Thoughtful Thursday: I’m Not God

Today’s post is from a friend who has nailed it. For anyone dealing with the “stuff” of life that can clog up your heart or mind, this essay–along with good counseling/therapy and ideally a support group like Celebrate Recovery–can help you begin to clear out the muck and remember (or perhaps see for the first time) some timely truths.

http://beckismswithasideofbacon.blogspot.com/2016/06/im-not-god.html

 

 

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Too Much Tuesday

Some days there is just too much coming at you. All you can do is put one foot in front of the other and do the next thing, and then, as soon as you get the chance, be kind to yourself and take a breather. I know this works because I’ve had to do this many days in my life. Today was another one of them. And yet the frustration is still there with myself, that things have to be so hard. But a very wise friend told me tonight that she found that it was usually from trying to do too much all at once and by just focusing on doing on small thing—a baby step, if you will—at a time, then taking breaks as necessary has worked out much better for her. I really needed to hear that—and I hope some of you will have as well.

We all have problems…

I think everyone should see this video. In less than three minutes you will be better educated, (hopefully) more compassionate toward those with mood disorders, and know how important it is to know the signs for both yourself and your loved ones’ sake.

We all have problems...

At Ease in God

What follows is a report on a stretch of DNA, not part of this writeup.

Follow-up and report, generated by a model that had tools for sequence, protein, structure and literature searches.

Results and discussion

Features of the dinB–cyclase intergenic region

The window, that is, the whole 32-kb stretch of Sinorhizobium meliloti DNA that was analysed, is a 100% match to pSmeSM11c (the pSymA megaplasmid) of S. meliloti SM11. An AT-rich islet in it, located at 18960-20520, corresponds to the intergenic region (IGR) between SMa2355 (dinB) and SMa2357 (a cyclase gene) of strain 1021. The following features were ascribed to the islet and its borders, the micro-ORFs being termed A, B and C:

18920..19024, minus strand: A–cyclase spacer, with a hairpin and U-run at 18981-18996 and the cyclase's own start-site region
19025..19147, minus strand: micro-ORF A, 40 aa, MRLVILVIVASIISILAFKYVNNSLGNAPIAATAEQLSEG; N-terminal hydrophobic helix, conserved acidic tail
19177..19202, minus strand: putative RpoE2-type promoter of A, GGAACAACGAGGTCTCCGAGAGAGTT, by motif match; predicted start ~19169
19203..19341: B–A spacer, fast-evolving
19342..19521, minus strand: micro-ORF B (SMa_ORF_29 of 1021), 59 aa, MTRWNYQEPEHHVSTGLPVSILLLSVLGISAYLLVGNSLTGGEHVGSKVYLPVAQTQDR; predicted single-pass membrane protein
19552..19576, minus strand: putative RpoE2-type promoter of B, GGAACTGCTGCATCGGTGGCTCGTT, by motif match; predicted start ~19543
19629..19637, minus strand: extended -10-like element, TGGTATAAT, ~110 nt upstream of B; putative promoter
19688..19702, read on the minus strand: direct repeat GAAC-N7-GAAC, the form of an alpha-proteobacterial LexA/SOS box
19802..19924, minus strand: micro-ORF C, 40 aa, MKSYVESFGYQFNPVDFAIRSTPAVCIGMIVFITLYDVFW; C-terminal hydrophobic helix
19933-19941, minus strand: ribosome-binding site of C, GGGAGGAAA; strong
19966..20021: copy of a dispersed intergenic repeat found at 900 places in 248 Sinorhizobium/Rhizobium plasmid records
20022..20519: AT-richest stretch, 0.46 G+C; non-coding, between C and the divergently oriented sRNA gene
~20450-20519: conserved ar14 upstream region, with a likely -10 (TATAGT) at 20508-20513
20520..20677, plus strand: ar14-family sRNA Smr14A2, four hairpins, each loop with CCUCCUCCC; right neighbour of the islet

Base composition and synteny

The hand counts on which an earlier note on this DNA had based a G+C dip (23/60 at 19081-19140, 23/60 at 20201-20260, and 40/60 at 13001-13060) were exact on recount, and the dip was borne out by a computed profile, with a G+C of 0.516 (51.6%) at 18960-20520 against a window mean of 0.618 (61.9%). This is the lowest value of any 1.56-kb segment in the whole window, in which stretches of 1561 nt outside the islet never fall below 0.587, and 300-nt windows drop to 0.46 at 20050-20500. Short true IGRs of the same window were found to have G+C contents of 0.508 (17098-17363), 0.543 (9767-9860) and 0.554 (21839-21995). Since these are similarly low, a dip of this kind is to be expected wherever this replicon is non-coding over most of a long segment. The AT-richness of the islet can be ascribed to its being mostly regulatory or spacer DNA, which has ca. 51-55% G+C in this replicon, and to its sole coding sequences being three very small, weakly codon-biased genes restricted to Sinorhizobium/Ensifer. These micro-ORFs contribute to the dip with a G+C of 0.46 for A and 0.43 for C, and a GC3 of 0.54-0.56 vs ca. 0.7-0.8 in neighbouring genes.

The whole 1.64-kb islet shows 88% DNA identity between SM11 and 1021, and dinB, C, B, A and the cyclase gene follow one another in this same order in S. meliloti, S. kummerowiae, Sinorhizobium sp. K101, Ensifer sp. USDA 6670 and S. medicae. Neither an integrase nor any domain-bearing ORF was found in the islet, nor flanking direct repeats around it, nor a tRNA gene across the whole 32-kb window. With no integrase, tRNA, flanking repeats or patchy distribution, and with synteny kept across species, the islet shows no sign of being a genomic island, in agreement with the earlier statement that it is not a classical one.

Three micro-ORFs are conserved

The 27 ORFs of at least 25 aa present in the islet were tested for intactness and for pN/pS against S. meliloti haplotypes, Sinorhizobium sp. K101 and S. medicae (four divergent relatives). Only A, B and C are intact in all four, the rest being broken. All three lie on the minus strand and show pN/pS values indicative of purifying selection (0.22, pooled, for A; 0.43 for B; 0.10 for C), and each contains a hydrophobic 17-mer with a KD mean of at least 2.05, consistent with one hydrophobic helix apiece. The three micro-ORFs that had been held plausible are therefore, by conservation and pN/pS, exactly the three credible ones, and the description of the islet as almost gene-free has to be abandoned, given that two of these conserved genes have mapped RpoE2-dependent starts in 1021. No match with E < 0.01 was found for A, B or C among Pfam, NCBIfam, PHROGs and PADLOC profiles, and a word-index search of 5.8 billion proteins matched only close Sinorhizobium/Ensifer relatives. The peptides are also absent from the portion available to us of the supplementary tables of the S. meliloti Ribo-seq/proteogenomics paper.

“Let God be the air in which your heart breathes at ease.”

St. Francis de Sales

Wowzers! What a difference that would make in the life of those of us who struggle with—okay, are plagued by—constant anxiety and/or depression, self-doubt, a lack of purpose, etc. I can barely imagine that as I’ve had anxiety issues all my life but only recognized them for what they were during the past few years. Whether they are neurological in origin or related to trust issues (with God and/or other people)—or a need to control or have everything perfect—anxiety issues will suck the life right out of you without you even realizing it.

If you’re fortunate enough to have a loving family member or friend who can help you to see this and you get help, things will get better. I promise. But you will always have to work at it, because that’s just the way anxiety is. It’s not going to give up its hold on you because it doesn’t want to and in a way you don’t want it to either—it’s probably your modus operandi, your coping mechanism, your safety net. You somehow convince yourself if you just think enough about these things—especially all the things that might happen—it will somehow help. Let me assure you that it won’t. But if you work at not being anxious, you will learn to be less anxious.

Here’s the best authority I know on the subject. Jesus told us,